I grew up in New Jersey, and spent my college and veterinary school years in New England. I am used to the winter. Heck, I learned how to drive on the ice in NJ and spent over 30 days in a row where the temperature never got above 20 degrees in Massachusetts one winter. (Frozen pipes? Yep.)
I know that wouldn’t count as a harsh winter for my North Dakota friends, but it was touch much for us Mass folks.
In New England, once winter sets in, it gets cold and snows. It stays cold and that snow sticks around until the spring. Not so in Indiana. Indiana cycles through snow, rain, and mud. For months.
The week after Christmas, we got somewhere between 12-18 inches of snow, in two storms. On January 11, it rained somewhere around 2 inches. The snow melted and the ditches flooded.
And it made mud. Lots and lots of mud.
We “get” to go out and play in the mud every day to make sure our cows are fed and watered, and that our outside farm dog and cats have plenty to eat and drink. (And to give the Sadie-dog her arthritis pill.)
We have dedicated mud boots.
Can you imagine trucking through mud like this in sneakers? Or cowboy boots? Nope, not me!
Then the question is… what to do with those muddy boots? In a perfect world, we would wash them off with a hose or hydrant outside, and then they would be clean. We don’t quite live in a perfect world.
See the pretty blue water line? It’s not actually hooked to that hydrant. The line is turned off inside the house and capped off at the end. There’s no water there. One of these days we’ll get the water project finished and this hydrant will be turned back on.
Until then, we’re left with the question of what to do with these muddy boots? We added a mudroom when we remodeled our house, just for this sort of thing. But it just doesn’t seem right to intentionally bring that much dirt into the house!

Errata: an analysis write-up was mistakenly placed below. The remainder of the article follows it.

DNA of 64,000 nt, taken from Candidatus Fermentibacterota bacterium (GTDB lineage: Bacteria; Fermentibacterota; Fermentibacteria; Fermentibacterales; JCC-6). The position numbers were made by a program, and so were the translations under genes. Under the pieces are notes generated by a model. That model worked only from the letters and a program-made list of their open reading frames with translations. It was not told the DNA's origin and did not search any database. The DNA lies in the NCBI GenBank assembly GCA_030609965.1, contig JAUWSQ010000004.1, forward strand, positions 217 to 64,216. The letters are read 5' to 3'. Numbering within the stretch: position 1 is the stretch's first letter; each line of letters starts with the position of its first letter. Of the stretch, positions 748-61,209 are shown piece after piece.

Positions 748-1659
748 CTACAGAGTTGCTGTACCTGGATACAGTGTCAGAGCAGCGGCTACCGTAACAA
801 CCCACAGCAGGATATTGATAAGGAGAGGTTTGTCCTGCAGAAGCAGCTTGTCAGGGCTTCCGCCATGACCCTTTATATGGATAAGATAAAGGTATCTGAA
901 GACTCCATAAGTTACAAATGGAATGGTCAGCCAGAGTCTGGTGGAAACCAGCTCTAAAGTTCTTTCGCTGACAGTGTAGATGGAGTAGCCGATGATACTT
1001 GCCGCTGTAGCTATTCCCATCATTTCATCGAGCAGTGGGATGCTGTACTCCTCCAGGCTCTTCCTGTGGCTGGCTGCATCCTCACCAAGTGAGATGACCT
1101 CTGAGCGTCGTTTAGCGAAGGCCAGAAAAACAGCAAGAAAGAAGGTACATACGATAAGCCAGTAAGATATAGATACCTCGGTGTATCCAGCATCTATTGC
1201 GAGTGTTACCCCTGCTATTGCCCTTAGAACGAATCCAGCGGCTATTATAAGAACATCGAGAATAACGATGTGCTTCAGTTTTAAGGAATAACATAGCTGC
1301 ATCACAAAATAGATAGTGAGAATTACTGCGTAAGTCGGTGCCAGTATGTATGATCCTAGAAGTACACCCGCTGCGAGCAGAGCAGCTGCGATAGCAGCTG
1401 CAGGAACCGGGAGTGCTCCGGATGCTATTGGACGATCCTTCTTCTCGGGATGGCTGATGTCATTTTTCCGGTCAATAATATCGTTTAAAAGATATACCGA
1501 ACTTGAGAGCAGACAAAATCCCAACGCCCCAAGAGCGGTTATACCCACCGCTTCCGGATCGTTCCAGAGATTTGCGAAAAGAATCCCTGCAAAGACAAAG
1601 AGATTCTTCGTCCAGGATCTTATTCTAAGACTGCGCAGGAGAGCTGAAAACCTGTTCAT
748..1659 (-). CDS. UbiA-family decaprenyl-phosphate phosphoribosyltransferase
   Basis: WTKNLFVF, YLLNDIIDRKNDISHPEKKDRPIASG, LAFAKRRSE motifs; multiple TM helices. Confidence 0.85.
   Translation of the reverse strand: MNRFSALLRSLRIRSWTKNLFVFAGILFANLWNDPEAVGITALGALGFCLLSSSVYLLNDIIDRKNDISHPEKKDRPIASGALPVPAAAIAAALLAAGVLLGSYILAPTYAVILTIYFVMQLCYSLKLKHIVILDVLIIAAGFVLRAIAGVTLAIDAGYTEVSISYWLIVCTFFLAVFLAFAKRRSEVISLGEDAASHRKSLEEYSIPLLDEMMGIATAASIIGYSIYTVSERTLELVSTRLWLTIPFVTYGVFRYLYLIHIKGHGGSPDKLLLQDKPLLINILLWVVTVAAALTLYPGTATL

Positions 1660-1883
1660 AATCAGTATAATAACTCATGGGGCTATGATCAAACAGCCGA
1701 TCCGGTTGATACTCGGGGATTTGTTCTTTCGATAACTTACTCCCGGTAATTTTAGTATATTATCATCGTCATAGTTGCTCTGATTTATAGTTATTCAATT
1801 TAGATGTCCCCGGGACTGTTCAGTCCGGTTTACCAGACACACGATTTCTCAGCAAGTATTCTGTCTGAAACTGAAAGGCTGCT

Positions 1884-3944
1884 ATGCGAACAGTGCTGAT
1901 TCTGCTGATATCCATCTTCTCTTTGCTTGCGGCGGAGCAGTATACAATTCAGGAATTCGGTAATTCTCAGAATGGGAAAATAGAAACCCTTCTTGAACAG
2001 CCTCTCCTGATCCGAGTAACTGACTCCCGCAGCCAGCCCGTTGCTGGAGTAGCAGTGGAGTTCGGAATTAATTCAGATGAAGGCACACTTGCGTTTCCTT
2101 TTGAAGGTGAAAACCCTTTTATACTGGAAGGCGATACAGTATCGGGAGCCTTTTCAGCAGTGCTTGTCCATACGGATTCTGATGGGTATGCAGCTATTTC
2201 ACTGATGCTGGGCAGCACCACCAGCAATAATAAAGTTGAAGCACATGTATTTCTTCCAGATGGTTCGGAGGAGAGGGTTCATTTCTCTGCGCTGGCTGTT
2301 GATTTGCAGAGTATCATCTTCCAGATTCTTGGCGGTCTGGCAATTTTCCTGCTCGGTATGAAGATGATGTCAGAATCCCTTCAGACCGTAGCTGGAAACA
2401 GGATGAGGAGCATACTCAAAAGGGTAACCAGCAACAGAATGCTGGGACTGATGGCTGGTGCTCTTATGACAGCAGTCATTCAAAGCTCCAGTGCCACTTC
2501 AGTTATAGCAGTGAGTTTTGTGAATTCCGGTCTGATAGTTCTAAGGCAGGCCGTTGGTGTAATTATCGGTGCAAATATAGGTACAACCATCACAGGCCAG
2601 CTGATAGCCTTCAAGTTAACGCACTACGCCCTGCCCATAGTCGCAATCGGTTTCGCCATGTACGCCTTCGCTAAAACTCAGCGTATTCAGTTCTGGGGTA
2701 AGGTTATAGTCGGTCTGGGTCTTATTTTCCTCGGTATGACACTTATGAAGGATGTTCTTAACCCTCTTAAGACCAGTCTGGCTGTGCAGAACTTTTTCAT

So we usually leave the super-muddy boots outside on the porch. Where we simultaneously hope they get rained on so they get rinsed off, and hope they don’t get rained on so the insides are dry the next time we need them. Eventually, the mud dries and we can just knock it off. Then the boots get to come inside. (Nothing worse than stepping into a cold, wet boot when you’re on your way to do farm chores!)
The chores I don’t mind so much… But cleaning up after them is no fun! What is your least favorite winter chore?
Lana Wallpe says
thawing out whatever froze because it implies that the temps are still frigid or the darned things still wouldn’t be frozen!
Justin Cole says
Same problem here – my driveway is very squishy at the moment….. Winter is, allegedly, coming back this weekend, though.
Marybeth @ Alarm Clock Wars says
It’s all frozen again… means no more mud, but now we need to watch for frozen water for the furry family!